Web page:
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Physicist To Discuss 'God Particle,' God For Two Presentations

Sept. 4, 2014
SHSU Media Contact: Jennifer Gauntt

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Science and God are often presented in opposition to one another, but a physics professor from the University of Oklahoma will give two lectures on Wednesday (Sept. 10) that highlight their intersection.

Michael Strauss, the David Ross Boyd Professor of Physics at OU, first will discuss his research on experimental particle physics for the SHSU Physics Colloquium at 3 p.m. in Farrington Building Room 105.

headshot of Michael Strauss
Michael Strauss

His presentation, “Properties of the Higgs Boson,” will address the importance of the particle within the standard model, the discovery of the new Boson, and further measurements taken since the discovery that have given insight into the properties of the particle.

The Higgs Boson, nicknamed the “God Particle” because it’s theorized to be responsible for all the mass in the universe, has generated “more hoopla” than any other recent scientific advance since scientists at the CERN Large Hadron collider found, in 2012, a particle that behaved the way the Higgs Boson was expected to behave, according to Science magazine writer Adrian Cho.

The discovery appeared to confirm the last missing piece in physicists’ standard model of fundamental particles and forces, and the news both captured the imagination of people around the world and garnered Science magazine’s “Breakthrough of the Year,” according to Cho.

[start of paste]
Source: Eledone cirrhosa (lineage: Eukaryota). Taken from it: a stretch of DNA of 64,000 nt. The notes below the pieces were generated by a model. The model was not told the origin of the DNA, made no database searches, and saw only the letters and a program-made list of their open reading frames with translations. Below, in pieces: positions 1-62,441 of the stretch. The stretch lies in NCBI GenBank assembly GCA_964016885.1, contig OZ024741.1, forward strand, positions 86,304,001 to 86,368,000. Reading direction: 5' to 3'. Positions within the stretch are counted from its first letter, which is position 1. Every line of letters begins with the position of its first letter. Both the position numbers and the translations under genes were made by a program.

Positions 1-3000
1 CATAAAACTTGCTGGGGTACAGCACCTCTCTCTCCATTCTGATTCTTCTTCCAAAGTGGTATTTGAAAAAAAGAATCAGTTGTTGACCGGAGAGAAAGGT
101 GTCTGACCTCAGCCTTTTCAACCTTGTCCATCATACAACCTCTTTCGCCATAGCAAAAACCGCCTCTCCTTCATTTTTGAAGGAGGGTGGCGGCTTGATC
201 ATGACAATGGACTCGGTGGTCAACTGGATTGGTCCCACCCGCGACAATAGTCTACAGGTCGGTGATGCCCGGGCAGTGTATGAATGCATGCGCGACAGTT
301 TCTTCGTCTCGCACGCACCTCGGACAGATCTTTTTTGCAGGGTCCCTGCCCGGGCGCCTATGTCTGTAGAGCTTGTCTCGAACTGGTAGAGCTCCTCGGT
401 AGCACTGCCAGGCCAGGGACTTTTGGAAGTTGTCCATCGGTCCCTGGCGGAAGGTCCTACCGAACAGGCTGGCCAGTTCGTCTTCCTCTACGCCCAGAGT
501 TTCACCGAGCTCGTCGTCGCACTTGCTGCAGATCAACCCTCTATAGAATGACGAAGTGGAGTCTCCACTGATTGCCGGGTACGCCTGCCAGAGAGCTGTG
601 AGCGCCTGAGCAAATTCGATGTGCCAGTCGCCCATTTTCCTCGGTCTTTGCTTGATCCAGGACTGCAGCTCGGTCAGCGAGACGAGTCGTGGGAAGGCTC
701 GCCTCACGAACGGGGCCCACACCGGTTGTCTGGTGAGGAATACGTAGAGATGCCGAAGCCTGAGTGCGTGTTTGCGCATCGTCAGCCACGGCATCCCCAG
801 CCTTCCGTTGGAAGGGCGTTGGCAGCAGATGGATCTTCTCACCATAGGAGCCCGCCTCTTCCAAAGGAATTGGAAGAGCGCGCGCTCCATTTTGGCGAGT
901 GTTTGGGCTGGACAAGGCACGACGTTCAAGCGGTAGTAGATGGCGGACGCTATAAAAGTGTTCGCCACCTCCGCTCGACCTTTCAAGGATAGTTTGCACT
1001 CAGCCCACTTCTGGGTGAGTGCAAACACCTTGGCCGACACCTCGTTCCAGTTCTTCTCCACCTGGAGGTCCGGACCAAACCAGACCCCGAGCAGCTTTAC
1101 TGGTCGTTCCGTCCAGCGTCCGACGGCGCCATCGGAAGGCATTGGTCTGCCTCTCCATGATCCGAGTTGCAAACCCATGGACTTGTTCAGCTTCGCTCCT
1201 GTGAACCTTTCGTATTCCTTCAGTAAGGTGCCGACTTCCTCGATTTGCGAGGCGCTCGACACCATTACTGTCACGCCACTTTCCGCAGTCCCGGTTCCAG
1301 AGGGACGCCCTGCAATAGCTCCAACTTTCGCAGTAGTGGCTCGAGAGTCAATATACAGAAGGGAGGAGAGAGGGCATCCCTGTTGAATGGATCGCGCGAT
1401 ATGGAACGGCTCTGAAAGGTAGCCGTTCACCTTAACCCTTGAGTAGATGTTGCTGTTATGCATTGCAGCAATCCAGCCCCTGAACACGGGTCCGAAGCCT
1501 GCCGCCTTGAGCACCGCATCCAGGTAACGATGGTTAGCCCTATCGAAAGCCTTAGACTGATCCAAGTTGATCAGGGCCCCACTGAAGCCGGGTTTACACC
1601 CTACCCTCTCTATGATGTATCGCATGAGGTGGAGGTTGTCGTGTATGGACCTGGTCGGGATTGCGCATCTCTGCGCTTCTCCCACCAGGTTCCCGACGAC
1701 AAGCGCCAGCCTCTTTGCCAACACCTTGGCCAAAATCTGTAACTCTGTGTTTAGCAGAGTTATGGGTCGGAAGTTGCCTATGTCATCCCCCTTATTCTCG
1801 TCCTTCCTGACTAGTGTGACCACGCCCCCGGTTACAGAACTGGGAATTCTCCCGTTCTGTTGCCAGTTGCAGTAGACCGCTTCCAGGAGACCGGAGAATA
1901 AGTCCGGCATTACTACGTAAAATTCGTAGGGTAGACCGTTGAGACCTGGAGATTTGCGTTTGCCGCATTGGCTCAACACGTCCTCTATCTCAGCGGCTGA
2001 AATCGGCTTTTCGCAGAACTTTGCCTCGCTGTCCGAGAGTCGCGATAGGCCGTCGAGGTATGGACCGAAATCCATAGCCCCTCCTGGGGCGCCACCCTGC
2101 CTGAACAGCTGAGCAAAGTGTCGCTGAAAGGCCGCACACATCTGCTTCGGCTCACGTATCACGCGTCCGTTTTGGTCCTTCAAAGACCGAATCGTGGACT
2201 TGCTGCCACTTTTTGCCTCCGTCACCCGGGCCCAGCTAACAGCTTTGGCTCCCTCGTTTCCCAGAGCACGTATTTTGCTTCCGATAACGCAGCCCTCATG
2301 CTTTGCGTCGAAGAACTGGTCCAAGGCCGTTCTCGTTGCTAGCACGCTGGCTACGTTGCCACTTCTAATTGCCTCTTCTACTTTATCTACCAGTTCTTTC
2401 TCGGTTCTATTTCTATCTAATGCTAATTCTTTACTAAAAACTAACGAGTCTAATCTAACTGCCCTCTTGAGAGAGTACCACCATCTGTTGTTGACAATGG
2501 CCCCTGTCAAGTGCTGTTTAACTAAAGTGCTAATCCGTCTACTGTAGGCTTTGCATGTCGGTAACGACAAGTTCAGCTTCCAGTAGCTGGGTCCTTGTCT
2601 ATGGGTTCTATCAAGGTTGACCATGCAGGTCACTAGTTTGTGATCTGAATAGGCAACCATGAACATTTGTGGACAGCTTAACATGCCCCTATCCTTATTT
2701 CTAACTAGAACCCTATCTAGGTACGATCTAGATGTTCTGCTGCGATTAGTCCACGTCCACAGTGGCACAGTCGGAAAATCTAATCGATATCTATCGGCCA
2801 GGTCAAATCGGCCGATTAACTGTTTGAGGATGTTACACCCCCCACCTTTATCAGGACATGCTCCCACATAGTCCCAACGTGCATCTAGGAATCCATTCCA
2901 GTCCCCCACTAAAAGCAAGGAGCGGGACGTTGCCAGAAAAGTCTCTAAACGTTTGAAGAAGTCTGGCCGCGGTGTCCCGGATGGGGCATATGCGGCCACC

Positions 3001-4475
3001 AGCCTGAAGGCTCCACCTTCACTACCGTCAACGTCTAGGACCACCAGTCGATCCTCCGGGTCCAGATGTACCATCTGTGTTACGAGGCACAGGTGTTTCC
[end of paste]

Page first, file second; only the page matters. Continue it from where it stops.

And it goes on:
Later that evening, Strauss will present "Scientific Evidence for God," beginning at 7:30 p.m. in the Smith-Hutson Building’s Haney Auditorium.

The presentation will provide “objective evidence that points to an origin of our universe and its fine tuning,” according to senior physics major Michael Semmlinger, member of the Christian student organization Cru at Sam, which is sponsoring the talk.

“Throughout his presentation it will become apparent how our planet and the entire galaxy are perfectly tailored to sustain life on earth,” Semmlinger said. “We hope he will motivate his audience to look at what is known and decide for themselves whether they want to believe in a coincidence without origin, or see the creating God shine through nature.”

Following the discussion, there will be a question-and-answer session, during which general concerns about the seemingly conflicting areas of Christianity and science are welcome, Semmlinger said.

Strauss earned his bachelor’s degree from Biola University and his doctorate from the University of California, Los Angeles. He also completed a post-doctoral research position with the University of Massachusetts at Amherst.

Since joining the OU faculty in 1995, he has taught introductory physics classes to physics majors, engineers, and life science majors, in which he focuses on a “number of interactive techniques to facilitate student participation and learning,” he said.

For his efforts, he has been recognized with a number of teaching awards, including from the OU regents, the Student Government Association, and the BP AMOCO Foundation; he was also named to the Carlisle Mabrey and Lurine Mabrey Presidential Professorship in 2006 and the lifetime title of David Ross Boyd Professor at OU in 2012.

For more information on the colloquium, call the SHSU physics department at 936.294.1601, and for more information on the Cru presentation, email shsucru@gmail.com.



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